What are the available security testing tools for Android and iOS apps? Mainly for a passive scan for known vulnerabilities.

closed as too broad by IAmMilinPatel, NarendraC, Bharat Mane, Peter M., kirbycope Feb 3 '17 at 21:56

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  • Could you please expand on your question? As it stands, this is far too broad, and will probably be closed. You might like to expand on the kind of security testing you want to do, whether you're looking to try to hack the apps in simulation or to do a passive scan for known vulnerabilities, whether a tool can handle both android and ios or not... It's a huge field, and specifics make for better questions and answers. – Kate Paulk Jan 26 '17 at 13:44
  • Thanks for adding a comment .i would like to go with a passive scan for known vulnerabilities. – ChathuD Jan 26 '17 at 15:51

Many passive scanners exist to give holistic views of both a device and services running on it. So, while running a scan against a device with the application running and its ports open will give you a little bit of info, likely it will lead to many rabbit holes that will eat additional time.

What I would do to start (as if that counts for something), is to set a proxy between your device and any services it communicates with externally, since most apps don't run things solely on the handset itself. Observe the traffic, and record it. Then use a tool such as BurpSuite or Zed Attack Proxy (ZAP) to fuzz the ingress/egress points on the application and its supporting services based on that recorded traffic.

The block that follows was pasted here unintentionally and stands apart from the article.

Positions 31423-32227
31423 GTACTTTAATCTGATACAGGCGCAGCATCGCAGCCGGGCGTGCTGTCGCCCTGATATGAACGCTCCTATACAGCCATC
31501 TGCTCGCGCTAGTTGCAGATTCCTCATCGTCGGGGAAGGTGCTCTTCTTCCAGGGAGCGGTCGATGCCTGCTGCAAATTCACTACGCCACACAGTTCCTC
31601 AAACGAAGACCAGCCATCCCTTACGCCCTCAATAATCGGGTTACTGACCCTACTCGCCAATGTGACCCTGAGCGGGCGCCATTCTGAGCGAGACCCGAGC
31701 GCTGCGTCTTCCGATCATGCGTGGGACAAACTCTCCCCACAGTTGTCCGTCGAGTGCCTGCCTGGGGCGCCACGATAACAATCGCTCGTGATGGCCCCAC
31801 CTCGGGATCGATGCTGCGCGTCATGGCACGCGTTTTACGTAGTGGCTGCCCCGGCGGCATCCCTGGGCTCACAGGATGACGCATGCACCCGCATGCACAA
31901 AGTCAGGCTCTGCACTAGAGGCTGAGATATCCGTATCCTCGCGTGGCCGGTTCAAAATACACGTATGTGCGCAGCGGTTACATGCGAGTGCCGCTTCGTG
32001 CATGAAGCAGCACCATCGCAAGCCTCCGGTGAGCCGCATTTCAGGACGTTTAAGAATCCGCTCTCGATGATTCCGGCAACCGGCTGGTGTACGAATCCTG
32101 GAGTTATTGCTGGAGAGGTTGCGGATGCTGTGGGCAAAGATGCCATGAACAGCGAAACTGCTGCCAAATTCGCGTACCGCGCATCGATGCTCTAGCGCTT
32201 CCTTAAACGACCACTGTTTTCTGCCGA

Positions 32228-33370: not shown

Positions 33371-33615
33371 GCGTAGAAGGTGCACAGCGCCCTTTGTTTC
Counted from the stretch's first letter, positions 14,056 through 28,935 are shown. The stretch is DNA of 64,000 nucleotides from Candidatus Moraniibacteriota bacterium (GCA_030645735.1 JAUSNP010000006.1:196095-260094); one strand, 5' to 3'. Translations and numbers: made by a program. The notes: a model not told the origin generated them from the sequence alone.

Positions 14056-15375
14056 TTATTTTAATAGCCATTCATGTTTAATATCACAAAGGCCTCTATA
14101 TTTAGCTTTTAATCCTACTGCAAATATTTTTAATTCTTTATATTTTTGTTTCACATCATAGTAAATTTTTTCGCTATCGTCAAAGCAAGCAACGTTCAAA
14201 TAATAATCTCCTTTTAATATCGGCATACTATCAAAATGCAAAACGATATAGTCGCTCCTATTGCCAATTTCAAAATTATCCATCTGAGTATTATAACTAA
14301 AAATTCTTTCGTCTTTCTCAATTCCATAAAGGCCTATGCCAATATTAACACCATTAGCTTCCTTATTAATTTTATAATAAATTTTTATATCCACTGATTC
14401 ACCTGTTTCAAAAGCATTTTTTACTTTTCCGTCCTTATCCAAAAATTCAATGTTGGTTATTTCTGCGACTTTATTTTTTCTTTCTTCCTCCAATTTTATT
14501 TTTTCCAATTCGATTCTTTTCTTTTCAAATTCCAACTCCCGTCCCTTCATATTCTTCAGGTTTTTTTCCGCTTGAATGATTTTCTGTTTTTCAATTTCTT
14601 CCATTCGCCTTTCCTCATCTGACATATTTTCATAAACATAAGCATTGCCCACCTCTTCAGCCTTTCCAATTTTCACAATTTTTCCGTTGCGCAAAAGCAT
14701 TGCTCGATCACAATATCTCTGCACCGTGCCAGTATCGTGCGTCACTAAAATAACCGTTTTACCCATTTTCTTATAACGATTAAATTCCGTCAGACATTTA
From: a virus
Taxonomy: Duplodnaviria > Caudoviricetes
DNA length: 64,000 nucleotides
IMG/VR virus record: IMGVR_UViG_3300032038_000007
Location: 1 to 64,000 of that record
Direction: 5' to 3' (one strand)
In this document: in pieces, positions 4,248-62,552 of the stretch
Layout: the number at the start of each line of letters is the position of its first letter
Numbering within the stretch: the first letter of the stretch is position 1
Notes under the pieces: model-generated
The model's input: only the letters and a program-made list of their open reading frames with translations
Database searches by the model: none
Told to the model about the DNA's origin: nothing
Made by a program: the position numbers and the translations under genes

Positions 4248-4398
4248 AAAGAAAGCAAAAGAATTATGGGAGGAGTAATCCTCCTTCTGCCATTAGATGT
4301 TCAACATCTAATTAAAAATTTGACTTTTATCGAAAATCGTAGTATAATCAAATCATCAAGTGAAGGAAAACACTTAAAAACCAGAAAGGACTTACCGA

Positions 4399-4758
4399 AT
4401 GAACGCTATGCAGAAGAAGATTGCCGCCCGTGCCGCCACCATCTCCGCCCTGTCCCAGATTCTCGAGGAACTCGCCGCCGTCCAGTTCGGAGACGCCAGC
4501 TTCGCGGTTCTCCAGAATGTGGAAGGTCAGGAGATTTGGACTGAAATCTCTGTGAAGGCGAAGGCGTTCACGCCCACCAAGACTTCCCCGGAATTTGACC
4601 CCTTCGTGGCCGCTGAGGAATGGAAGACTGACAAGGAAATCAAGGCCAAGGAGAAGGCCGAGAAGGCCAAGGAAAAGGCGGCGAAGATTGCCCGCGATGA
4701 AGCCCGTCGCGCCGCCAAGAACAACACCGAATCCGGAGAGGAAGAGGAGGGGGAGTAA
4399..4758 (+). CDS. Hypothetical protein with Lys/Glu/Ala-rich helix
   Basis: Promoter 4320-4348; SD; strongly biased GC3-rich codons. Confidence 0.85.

This will still give you data on where weak points are, what external communications maybe don't communicate over HTTPS, and other things of that nature. Both Burp and ZAP have pre-existing fuzzing options to start with as well, which may be a good place to start. It also requires minimal setup or meddling with the devices themselves.

The majority of low hanging fruit issues for mobile applications are from their external communication, so this approach will cover much of that. Other approaches get more invasive to the device and will require you to interact with ADB and start doing a little bit of reverse engineering.

Hope that helps.


I don't specifically know any security testing tools for mobile, but I wouldn't rely on them because you won't learn security testing by only using tools. Try to manually test for security vulnerabilities. This won't be easy. First, try to understand the mobile architecture, not only the application. Then learn to use the debugging tools. For example, ADB on Android. Here are some resources that might help you:

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